Least-populated state gets even less population

Wyoming’s total resident

population contracted to 577,737 in July

2018, according to estimates from the U.S.

Census Bureau. The annual decrease from

July 2017 was 1,197 persons, or 0.2 percent,

which was the third consecutive year of decline.

However, this decrease was a lot less

than the previous year’s loss of 5,356 residents

or 0.9 percent.

Thirteen counties experienced population

declines from July 2017 to July 2018. Sweetwater

County led the state with the largest

numerical loss of 496 residents, while Hot

Springs County suffered the steepest decrease,

-2.8 percent.

Carbon and Washakie counties also experienced

a decline of nearly 2 percent each. Lincoln

was the only county that demonstrated

an increase of close to 1 percent. Most other

counties with moderate increases are located

in the northwest and the southeast areas of

the state where there are minimal energy extraction

operations. Since 2010, the fastest

growing counties were Teton, at 8.4 percent,

Laramie at 7.7 percent and Lincoln at 7.3 percent.

“Employment drives migration change,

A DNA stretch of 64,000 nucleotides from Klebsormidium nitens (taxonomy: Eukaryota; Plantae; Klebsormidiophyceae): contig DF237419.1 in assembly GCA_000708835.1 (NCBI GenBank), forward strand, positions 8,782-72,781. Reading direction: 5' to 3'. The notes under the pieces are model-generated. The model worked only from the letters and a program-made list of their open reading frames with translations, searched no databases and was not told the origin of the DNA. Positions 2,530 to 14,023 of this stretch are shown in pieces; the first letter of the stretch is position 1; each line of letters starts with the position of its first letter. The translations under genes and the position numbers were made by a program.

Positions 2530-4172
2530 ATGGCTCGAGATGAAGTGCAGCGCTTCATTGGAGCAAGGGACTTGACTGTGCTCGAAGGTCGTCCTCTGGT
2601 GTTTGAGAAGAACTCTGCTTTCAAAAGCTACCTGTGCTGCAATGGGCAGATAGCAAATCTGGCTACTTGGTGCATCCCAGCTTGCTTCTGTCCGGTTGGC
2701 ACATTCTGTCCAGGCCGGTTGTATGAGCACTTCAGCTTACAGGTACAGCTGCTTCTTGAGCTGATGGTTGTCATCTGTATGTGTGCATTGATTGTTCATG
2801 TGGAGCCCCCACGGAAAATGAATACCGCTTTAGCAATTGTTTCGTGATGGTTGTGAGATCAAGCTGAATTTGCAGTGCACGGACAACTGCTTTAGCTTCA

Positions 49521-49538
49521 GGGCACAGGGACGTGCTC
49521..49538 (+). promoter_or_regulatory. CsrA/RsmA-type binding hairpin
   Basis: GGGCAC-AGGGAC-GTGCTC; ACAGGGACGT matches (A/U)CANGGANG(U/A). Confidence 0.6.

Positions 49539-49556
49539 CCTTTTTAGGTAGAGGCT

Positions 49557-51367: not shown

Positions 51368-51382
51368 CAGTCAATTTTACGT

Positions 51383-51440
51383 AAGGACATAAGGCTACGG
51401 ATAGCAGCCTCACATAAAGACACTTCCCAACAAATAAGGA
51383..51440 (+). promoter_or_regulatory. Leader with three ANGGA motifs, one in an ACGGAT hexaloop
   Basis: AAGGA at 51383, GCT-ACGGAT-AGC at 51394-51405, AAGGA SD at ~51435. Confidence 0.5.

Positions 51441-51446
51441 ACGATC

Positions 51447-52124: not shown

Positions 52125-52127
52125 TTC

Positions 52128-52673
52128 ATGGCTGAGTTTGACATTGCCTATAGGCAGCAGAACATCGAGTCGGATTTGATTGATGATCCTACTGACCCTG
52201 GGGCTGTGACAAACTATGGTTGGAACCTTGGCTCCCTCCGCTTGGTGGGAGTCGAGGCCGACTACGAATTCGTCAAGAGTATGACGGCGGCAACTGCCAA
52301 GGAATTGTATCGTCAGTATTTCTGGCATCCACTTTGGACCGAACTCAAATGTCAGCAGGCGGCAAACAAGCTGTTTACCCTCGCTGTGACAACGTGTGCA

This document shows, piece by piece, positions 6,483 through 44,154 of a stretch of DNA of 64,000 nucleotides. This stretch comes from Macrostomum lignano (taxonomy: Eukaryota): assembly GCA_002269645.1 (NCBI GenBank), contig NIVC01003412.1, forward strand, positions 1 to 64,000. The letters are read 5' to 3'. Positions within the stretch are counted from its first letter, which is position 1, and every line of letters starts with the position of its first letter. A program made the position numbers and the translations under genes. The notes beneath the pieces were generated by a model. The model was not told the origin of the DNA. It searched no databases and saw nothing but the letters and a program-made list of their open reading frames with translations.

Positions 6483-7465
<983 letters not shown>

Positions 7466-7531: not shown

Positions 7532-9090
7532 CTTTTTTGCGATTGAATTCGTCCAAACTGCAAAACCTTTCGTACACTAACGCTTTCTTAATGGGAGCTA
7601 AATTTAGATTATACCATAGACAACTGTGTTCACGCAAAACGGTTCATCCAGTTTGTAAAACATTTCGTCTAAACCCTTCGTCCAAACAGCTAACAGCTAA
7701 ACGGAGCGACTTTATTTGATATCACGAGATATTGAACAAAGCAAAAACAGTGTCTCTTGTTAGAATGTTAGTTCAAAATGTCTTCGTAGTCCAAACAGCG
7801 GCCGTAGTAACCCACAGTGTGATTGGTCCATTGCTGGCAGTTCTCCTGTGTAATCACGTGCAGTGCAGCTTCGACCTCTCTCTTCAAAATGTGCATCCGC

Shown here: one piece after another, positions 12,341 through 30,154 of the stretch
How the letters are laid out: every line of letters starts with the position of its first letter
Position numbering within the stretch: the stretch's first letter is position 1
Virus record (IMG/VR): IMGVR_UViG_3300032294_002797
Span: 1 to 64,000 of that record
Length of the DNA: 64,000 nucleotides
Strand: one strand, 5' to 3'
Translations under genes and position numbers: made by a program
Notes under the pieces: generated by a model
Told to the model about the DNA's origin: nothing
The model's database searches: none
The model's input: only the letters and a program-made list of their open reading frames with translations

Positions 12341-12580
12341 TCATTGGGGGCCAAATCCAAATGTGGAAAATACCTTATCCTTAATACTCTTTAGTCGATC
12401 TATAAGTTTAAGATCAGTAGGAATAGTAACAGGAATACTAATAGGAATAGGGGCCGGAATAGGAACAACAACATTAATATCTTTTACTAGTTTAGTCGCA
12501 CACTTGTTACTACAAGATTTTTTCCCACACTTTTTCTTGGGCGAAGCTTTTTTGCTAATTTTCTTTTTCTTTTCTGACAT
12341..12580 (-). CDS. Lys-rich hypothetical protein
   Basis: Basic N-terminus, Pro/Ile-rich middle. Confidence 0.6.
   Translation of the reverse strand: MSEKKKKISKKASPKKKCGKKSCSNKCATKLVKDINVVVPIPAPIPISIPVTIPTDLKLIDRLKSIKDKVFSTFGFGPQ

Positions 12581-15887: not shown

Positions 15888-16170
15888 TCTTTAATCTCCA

particularly for young adults,” said Amy

Bittner, senior economist with State of Wyoming,

Economic Analysis Division. “People

tend to move to areas where jobs are available.

Conversely, people may leave areas where

employment opportunities become limited.”

Even though Wyoming’s economy has been

rebounding since late 2016, the speed of the

recovery was still moderate. Between the second

quarter of 2017 and the second quarter of

2018, about 2,000 or 0.7 percent payroll jobs

were added. Campbell,

Converse, and Sublette counties have

gained the most jobs, but the overall labor

force was still at a lower level than before the

economic downturn. These counties have the

most mineral activities and endured the heaviest

employment losses during the downturn.

In addition, the labor market nationwide,

particularly in neighboring states such as

Colorado, Utah and Idaho, continued to show

strong growth, which drew Wyoming workers

and residents.

However, after six years of decline, the

state’s labor force has finally stabilized or

even ticked up by the end of 2018.

With a current unemployment rate of

below 4 percent, which is among the lowest

rates in 10 years, Wyoming’s job market is

quite tight. As a result, average working hours

in private industries have gradually been increasing

to the level before the economic

downturn, and growth in hourly earnings were

particularly strong – the fastest in many years.

“Wyoming’s current labor market environment

is definitely providing opportunities and

encouragement for people who are looking for

jobs within the state,” Bittner commented.


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